Any proposal should be realistic and bring benefit to Russia, the Foreign Ministry spokeswoman said
Russia is open to any negotiations with Europe to find a way out of the current crisis, Foreign Ministry spokeswoman Maria Zakharova told local media on Thursday. However, she voiced concerns that any meaningful discussions may start only after the EU has “completely destroyed” its own economy.
Speaking to the Russian newspaper Argumenty i Fakty, Zakharova addressed a recent NBC report alleging that some Western officials believe that the upcoming winter may spell an opportunity for talks between Moscow and Kiev.
However, she noted that Western calls to seek a diplomatic solution to the Ukraine conflict, “unfortunately are just rhetoric,” adding that all EU policies, including military support for Ukraine, “are aimed at escalation.”
The shift in narrative has been spurred by an emerging rift between ordinary European citizens and policymakers, she believes. The former “are getting tired of permanent confrontation rhetoric and endless baseless accusations against Russia,” the spokeswoman said, adding that “there is a growing demand for putting an end to the Ukraine conflict.”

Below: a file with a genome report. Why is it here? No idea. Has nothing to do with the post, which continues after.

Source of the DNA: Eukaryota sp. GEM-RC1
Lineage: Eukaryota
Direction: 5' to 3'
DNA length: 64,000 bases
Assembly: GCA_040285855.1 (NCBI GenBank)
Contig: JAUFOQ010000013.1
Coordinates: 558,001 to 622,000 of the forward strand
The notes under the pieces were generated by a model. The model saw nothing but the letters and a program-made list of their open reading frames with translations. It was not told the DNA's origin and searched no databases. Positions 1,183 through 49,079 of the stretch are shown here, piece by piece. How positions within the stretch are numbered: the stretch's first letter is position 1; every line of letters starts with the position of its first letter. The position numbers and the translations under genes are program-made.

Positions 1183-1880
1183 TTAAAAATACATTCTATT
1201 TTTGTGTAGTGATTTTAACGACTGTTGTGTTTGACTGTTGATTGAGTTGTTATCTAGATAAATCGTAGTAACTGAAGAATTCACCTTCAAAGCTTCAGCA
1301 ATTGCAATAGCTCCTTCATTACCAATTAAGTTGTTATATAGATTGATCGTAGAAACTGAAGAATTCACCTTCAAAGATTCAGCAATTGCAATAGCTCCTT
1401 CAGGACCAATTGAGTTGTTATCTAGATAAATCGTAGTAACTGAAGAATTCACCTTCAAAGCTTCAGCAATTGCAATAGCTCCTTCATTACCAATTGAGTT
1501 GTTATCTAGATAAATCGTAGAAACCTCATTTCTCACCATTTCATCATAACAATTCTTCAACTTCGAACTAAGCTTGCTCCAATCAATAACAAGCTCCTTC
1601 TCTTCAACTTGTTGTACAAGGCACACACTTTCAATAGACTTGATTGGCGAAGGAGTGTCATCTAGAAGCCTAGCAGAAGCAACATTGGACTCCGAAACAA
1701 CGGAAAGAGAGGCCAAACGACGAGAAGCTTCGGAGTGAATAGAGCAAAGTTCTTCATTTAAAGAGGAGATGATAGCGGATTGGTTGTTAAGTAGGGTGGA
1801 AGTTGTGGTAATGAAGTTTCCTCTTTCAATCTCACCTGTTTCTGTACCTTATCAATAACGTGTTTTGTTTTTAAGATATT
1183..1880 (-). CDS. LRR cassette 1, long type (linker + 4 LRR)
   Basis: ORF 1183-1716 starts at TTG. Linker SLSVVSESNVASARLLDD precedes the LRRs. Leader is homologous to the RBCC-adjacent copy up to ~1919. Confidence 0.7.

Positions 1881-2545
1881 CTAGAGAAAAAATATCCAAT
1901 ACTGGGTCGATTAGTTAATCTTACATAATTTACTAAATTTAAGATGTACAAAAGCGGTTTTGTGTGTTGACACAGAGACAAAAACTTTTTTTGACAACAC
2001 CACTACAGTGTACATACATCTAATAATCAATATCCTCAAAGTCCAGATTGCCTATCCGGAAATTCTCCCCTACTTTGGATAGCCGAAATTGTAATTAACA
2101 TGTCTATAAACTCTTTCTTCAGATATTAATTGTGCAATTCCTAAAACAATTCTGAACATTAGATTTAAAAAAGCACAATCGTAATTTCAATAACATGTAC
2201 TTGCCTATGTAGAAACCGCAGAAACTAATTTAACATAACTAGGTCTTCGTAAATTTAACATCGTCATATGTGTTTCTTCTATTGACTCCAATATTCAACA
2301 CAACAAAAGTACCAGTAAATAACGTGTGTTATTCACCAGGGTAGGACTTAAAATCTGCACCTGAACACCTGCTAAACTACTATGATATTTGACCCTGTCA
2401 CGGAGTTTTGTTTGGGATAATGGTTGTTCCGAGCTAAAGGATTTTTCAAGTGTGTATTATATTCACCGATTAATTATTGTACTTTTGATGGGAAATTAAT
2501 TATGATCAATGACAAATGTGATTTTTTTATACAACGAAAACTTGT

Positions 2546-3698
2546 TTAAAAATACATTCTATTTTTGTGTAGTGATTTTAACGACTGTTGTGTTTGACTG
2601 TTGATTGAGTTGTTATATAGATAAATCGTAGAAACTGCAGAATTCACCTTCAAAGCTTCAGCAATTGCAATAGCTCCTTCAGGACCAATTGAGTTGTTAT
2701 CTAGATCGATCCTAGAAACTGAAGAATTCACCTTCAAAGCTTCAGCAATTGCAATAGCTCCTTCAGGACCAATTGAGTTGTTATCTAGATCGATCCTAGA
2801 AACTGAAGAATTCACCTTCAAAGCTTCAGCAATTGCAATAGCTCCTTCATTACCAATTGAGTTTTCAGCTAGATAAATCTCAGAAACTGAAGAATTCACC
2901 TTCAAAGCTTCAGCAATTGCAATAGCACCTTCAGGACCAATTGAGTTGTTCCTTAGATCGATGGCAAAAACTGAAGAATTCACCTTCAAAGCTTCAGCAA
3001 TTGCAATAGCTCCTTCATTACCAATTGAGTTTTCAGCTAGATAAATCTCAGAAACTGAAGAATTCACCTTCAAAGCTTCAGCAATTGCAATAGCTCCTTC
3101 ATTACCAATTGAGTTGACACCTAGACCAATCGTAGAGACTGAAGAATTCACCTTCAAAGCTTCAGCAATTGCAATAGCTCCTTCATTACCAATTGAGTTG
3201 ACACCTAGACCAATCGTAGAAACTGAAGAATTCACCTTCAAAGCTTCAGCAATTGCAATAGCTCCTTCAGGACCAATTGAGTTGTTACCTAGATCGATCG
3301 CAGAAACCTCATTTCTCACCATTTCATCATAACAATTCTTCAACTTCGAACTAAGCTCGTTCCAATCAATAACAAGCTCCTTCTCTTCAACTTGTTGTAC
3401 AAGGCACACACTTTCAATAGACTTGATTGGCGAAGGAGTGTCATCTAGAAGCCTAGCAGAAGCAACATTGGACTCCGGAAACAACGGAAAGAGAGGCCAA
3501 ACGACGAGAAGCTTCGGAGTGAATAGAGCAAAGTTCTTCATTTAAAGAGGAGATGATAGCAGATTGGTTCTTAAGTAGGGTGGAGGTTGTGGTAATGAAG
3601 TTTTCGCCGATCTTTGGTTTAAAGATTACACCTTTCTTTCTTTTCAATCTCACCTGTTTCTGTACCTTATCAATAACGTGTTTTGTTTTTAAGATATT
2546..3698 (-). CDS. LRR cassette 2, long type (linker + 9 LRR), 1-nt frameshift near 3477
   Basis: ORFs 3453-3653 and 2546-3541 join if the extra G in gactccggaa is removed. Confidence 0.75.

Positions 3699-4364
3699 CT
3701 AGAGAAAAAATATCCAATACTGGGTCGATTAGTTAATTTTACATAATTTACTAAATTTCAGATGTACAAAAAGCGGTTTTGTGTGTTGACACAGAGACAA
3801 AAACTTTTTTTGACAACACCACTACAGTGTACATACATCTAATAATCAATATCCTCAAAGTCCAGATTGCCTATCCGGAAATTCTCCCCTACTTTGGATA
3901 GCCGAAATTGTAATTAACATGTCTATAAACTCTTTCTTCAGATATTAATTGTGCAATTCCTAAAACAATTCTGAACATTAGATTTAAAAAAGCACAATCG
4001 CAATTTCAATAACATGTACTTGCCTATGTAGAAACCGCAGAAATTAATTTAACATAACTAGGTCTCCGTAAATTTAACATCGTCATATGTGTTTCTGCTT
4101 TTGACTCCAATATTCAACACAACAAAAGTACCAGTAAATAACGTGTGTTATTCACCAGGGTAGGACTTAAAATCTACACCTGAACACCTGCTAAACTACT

These concerns are also underpinned by Europe’s economic woes, Zakharova continued. “News about new sanctions or regular calls to ‘punish’ Russia economically scare Europeans themselves,” she noted.
“Apparently, the EU needs to undermine its economy completely before calls to start the dialogue will be accompanied by concrete steps,” the official remarked, adding the bloc is pursuing these policies to please the US.
According to Zakharova, Moscow is open to “discussing ways out of the current crisis,” but any peace settlement must be of some benefit to Russia. “It is important that any proposals take into account the real situation ‘on the ground’ and have an added value for our country,” she noted.
In recent months, top EU officials have been sending conflicting signals about their stance on possible engagement with Moscow. While EU foreign policy chief Josep Borrell claimed in April that the conflict in Ukraine “will be won on the battlefield,” last month he said that Brussels is ready to seek a “diplomatic solution” while vowing to continue to support Kiev militarily.
Russian officials have repeatedly stated they are ready to conduct negotiations with Kiev to end the conflict. Meanwhile, Ukrainian President Vladimir Zelensky has set out conditions for any diplomatic engagement, which include the “restoration of [Ukraine’s] territorial integrity,” “compensation for all war damage” and “punishment of every war criminal.”